Maintaining the Status Quo


It is no easy task to maintain the status quo.  It is hard work to keep a two hundred year old political system in place; one designed by men we never knew, in a time we never lived, and shaped by values we’ve never understood.  Celebrating such an ancient system is much easier than living it.

This is what America does each July 4th.  Independence Day is a collective celebration, a reminder that we have maintained the status quo for one more year.  We do this by engaging in ludicrously expensive displays of fireworks, whose pretty explosions and loud bangs never remind us of how war has become the status quo in post 9/11 America.  We put the status quo on parade.  Sometimes sober, sometimes drunk; we march to a microcosm of our own America, a snapshot of the status quo we’ve grown to know and love, down the main streets of our souls to remind us that we’ve never had it so good, like we do in this time, in this place.

We like to put a lot of energy into maintaining the status quo and you know what? It doesn’t look like we’re any further down the road than we were last year, despite all that time and effort.  We’re still at war, broke, drunk on power, hating each other, and coming apart at the seams.  I’m not sure that’s a status quo worth celebrating.  Perhaps breaking the parade up and moving down side streets to make a new plan, a “runaway American dream” like Bruce Springsteen describes in Born to Run is a better idea.

Springsteen says, “I want to know if love is wild, I want to know if love is real.”  There’s something better than our version of the status quo.   I’m with Bruce. Here’s what I want to tell you:  the Good News of the Kingdom of God breaks apart our carefully crafted, stage managed, well-maintained status quos; even the status quo called the Fourth of July.    Each time we come to celebrate the Fourth of July, we are engaging in the maintenance of the most powerful status quo the world has ever seen.  This is why the church is so important.  The church says, “There is a new way to see the world and those who live in it.”  It’s love.  If we’re not challenging the powerful status quo of our culture, with a message of love,  instead of being co-opted by it, then what good are we?  No good at all.  We will look nothing at all like the movement Jesus created.  “We might as well get out while we young,” to quote Bruce again.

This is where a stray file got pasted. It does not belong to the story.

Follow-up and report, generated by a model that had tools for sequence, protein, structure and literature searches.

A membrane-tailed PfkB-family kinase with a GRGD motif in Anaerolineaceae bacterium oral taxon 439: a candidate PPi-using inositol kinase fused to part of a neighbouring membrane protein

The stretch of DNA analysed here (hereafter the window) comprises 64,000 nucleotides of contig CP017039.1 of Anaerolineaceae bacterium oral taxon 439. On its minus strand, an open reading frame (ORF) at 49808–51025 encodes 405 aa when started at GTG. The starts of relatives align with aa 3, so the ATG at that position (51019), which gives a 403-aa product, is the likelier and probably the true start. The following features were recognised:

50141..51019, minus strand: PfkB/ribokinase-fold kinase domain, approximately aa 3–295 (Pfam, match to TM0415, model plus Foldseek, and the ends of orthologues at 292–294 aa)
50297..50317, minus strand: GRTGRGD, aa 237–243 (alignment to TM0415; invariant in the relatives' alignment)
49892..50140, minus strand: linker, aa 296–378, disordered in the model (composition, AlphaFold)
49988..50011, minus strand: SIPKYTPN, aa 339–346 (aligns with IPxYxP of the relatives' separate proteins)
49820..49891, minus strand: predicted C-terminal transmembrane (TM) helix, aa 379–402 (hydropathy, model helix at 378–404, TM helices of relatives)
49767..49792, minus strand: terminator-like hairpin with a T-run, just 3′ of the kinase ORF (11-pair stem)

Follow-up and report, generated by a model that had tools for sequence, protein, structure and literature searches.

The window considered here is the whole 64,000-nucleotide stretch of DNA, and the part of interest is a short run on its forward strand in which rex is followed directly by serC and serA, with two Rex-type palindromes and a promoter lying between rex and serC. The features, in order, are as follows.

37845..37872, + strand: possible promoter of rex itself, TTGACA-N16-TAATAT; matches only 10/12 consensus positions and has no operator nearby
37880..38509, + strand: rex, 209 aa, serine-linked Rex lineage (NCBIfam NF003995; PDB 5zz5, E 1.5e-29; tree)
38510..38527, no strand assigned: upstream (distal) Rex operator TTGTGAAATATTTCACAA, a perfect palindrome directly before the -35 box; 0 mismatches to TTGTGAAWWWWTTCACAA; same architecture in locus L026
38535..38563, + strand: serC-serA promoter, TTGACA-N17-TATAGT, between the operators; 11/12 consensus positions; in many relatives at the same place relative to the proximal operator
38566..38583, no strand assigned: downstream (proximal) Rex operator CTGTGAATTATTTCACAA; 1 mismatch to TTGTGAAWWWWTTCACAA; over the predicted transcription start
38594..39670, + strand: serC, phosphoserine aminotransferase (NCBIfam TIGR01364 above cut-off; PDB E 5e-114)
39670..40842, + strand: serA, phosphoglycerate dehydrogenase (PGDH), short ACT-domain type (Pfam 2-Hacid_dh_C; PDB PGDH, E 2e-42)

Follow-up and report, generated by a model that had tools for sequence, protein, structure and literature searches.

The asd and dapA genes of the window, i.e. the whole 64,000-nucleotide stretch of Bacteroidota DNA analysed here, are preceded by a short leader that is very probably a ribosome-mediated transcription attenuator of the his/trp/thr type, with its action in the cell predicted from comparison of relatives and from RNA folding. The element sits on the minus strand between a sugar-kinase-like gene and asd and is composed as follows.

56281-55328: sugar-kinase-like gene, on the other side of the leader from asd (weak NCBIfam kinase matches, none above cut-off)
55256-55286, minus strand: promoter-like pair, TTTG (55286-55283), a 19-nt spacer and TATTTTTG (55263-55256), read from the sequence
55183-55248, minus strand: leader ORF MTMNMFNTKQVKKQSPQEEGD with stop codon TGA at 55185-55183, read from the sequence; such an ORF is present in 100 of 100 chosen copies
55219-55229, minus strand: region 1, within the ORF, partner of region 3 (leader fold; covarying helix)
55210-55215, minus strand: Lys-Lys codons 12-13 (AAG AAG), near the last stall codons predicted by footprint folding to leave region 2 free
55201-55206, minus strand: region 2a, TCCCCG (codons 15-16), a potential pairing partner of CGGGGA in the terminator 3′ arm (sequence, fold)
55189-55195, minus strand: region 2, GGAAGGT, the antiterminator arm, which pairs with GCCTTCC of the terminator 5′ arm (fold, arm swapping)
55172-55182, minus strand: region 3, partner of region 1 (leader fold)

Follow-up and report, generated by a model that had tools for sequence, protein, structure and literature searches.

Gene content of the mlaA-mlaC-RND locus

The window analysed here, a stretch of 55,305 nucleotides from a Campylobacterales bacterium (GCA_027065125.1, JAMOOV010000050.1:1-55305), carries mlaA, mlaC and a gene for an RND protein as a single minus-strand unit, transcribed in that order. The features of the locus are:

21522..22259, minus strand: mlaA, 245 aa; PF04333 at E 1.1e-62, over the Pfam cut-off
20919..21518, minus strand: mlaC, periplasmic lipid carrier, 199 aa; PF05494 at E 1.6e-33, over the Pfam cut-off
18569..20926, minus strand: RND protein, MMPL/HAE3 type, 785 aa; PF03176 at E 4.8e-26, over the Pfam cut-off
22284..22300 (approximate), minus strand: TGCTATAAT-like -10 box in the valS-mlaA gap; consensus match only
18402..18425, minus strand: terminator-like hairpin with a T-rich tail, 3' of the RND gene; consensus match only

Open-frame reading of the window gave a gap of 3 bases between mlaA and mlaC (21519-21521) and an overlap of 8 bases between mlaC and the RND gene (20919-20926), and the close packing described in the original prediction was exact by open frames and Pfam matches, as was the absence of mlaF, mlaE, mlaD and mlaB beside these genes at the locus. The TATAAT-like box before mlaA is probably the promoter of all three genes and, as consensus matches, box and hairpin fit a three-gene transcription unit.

When we gather in church we are not maintaining an illusion of God’s past or a memory of how things were years ago.  We are doing something entirely new.  The beauty of the Eucharistic liturgy is that out of our broken memories, the words of institution weave a pattern of unrevealed newness.  Out of the broken status quo of death, from the maintenance of malaise; we have received a simple new promise.  This new promise asks we remember: you can kill the dreamer but you cannot kill the dream.  What is this dream? For love you do not deserve and life you have not earned; all things will be made right.  We’re going to try and put the pieces back together.  It’s the irony of the broken bread.  By retelling the story of Christ’s broken body, we proclaim the mystery of faith:  we are prepared to be glue in a world determined to tear itself apart.  This is God’s promise, God’s risk, the dream worth dying for.  Sometimes we will fail and at other times succeed.  Our risk is that we try.  In action isn’t an option.

When we gather as God’s people, God is not demanding we take a risk to recall the past but to act decisively and bust open the future.  Of course that’s what we’re supposed to do; it’s much easier said than done.  The status quo has a powerful inertia pulling us back to our assigned spots to carry out our responsibilities.  It doesn’t have to be that way.  We can muck up the status quo.  Throw a wrench in the machine. Start by listening to God’s dream instead of watching the nightmares of the recycled status quo.